To learn more about Martinez v. Malloy, please visit



  1. Students matter. So do the professional and dedicated folks engaged in preparation of those students. And so does the community that provides the resources supporting these activities today and dependent on those youth maturing into responsible and capable individual capable of caring for the world as adults.
    So the decision may have more court appearances as well as consideration in Hartford in terms of next year’s budget.

    But,what were all the steps taken so far by the Bridgeport School System to adjust to the $15 Million shortfall for FY2016-17??? The City has projected a $6 Million gain in revenue from the State in its July monthly financial report. How much of that can and should be allocated to the service of the school system? Any thoughts for when the Budget and Appropriations committee meets next Monday September 12 at 6pm? Time will tell.

    1. I am sure Joe Ganim’s eyes lit up in the courtroom. Mario Testa’s, too. More money you say, that’s amazing!

      What other unqualified individual can we put on the BOE payroll? How much money can we steal from the BOE now?

      Joe Ganim could care less about our 21,000 BPS students. You can’t say I “care” when you flat-fund the BOE knowing it will leave a $15 million dollar deficit resulting in devastating cuts that will impact the very children you claim to “care” about.

      Joe Ganim is an unapologetic compulsive liar.

  2. Judge Moukawsher simply recognized the obvious and gave general, abstract directions to the Connecticut GA, a body that in recent years has revealed itself to be a rudderless, clueless, legislative body incapable of dealing with a generally incompetent, confused governor, to repair the ECS formula [that everyone except (apparently) the judge knew was irrational] and tighten up teacher evaluations/standards and educational preparedness testing/standards [which has been an endless, BS process for two or three generations].

    It sure sounds like more of the same BS solution set that has been hawked by legislators and education advocates for decades. Redefine educations standards, create more tests for teachers and students, reshuffle inadequate education dollars in a pretense at fairness and pragmatism. Isn’t that where the insidious Charter School system came into play in conjunction with the Sheff vs. O’Neill lawsuit of the ’90s?

    Another generation and more BS form the courts and state government.

    This judge has thrown the ball back into the court of the very players who have demonstrated they aren’t up to playing the game at a professional level.

    This is a stingy Yankee non-solution to Connecticut’s flawed, skewed, approach to education funding/promotion.

    All that has been done is a Superior Court handwashing of itself of the problem.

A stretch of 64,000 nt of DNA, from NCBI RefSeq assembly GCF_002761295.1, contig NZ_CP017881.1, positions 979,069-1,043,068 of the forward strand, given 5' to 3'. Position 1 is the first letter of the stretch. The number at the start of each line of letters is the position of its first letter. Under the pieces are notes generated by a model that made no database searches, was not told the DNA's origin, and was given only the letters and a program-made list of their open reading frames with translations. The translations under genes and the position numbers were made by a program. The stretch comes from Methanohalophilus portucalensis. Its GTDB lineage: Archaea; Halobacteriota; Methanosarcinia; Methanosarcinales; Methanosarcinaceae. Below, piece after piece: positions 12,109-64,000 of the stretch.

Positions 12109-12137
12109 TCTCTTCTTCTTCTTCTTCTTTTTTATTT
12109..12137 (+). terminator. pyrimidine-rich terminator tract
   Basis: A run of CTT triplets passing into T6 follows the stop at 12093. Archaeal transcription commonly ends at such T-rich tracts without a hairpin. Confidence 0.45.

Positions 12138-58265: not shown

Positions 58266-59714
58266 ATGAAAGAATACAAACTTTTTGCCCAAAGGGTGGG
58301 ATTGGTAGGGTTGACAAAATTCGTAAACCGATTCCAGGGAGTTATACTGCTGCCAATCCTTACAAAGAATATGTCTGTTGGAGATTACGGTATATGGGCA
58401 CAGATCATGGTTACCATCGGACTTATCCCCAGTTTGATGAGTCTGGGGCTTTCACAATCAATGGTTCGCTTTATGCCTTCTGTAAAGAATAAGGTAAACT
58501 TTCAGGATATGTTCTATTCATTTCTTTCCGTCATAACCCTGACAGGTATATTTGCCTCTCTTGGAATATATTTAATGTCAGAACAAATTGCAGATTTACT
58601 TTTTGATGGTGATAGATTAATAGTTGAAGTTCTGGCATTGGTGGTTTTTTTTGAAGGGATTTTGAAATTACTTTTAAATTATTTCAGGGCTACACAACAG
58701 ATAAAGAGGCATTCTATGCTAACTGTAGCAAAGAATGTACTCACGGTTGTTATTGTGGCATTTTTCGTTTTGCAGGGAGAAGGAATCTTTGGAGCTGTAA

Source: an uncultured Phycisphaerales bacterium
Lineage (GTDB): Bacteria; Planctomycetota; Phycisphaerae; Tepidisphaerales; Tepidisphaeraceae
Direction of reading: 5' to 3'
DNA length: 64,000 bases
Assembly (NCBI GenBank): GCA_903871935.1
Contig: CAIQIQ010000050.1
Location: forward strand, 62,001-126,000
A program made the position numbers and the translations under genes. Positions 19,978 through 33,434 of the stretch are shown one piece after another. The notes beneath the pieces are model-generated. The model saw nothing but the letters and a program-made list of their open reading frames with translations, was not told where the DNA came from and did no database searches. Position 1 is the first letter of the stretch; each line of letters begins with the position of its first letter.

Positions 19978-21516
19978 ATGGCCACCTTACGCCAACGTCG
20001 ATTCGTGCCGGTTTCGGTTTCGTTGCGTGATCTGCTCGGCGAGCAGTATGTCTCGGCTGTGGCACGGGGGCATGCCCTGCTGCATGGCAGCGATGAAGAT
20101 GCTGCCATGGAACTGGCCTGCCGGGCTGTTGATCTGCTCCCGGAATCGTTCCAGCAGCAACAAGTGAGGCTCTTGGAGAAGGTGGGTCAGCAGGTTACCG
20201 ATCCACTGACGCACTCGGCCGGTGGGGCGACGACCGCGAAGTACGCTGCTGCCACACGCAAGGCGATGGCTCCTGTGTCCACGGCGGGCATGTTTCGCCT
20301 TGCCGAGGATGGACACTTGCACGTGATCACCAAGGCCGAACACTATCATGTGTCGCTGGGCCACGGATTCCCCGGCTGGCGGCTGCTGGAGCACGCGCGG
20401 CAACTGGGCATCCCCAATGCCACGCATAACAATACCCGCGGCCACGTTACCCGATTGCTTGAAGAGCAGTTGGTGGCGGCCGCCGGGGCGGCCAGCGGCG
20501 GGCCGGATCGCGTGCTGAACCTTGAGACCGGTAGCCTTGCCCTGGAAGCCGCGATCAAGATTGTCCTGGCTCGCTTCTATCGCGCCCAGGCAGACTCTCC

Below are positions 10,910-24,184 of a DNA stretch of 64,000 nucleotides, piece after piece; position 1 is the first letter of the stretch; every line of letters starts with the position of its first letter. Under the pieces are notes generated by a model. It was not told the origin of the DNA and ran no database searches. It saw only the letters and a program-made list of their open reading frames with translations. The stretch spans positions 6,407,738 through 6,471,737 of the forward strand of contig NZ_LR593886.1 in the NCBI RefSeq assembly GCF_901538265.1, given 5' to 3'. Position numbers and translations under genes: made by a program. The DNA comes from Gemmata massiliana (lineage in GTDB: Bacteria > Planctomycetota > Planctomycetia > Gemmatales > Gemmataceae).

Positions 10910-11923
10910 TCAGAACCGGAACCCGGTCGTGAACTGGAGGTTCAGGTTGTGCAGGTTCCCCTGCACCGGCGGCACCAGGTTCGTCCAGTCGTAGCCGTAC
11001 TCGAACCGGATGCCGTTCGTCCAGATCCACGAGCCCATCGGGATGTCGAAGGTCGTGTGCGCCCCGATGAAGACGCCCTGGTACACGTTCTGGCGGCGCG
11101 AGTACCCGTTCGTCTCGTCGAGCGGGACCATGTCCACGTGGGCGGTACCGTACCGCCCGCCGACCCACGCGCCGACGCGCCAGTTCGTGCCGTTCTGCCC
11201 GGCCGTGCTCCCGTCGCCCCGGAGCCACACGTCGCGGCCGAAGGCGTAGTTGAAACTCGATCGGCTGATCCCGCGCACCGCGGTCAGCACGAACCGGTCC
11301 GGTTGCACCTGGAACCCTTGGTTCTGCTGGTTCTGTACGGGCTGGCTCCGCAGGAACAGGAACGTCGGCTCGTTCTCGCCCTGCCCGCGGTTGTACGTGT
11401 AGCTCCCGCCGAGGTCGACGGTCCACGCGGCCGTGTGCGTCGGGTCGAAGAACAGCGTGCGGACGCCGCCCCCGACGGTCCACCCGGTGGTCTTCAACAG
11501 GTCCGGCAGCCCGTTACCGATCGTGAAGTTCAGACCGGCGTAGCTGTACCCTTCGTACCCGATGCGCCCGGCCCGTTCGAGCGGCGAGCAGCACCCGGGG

The buck has been passed back to those from whom it was handed to the Judge. A non-solution.

    Like the City of Bridgeport, the State of Connecticut no longer has the wherewithal to self-evaluate or self-correct. There needs to be high-level intervention. But then, the US is also having a difficult time acknowledging, evaluating and correcting its own socioeconomic flaws and political/governance problems.

    There are still a few individual states that seem capable of maintaining socioeconomic health within their borders through the efforts of state government, among these are Oregon, Washington, and a few others.

    It seems Connecticut might want to seek some advice about the cross-section of state issues from one of the more functional states.

    This latest “enlightened ruling” concerning the attainment of adequacy in meeting our public education mandate is just one more indication of how dysfunctional we have become and how badly we require outside assistance toward the re-attainment of state-government functionality.

  3. Remember the Sheff v. O’Neill decision in 1989, when her son Milo was a fourth-grade student at Annie Fisher Elementary School in Hartford, Elizabeth Horton Sheff? That case was still being updated in 2015.

  4. There is good in this decision but lots of unfortunate uninformed statements about special education and the value of testing to determine student learning. As the NYT quoted an expert, most cases similar to ours dealt with the money. This judge threw too many other spices into the soup. Some very bitter flavors.

  5. New comment. You can bet this decision will be appealed and as Ron Mackey points out, many generations of children have suffered for years here in Bridgeport due to our District getting shafted by the state formula.

  6. How many classes are reading at grade level? A few students in each classroom. Example, a 7th grade class has nine special kids, eight who read at a kindergarten level, that leaves 12 reading at class level or 1 class below class level. One more question, why are we testing kids five days into the school year?

  7. Ganim and Rabinowitz are making mountains out of molehills. The judge throws this back into the State Legislature but the State Legislature is controlled by the suburban Legislators (both Democrat and Republican). The political divide in Connecticut is not between Democrats and Republicans, it is between the emerging powerful suburbs and the poor rotting urban areas. That is the state of CONNECTICUT.

  8. Frank, that is the essential truth of modern-day American politics. The suburbs’ gains are the cities’ losses, in Connecticut, by unmistakable, historically verifiable design (e.g., the abolition of county government in 1960).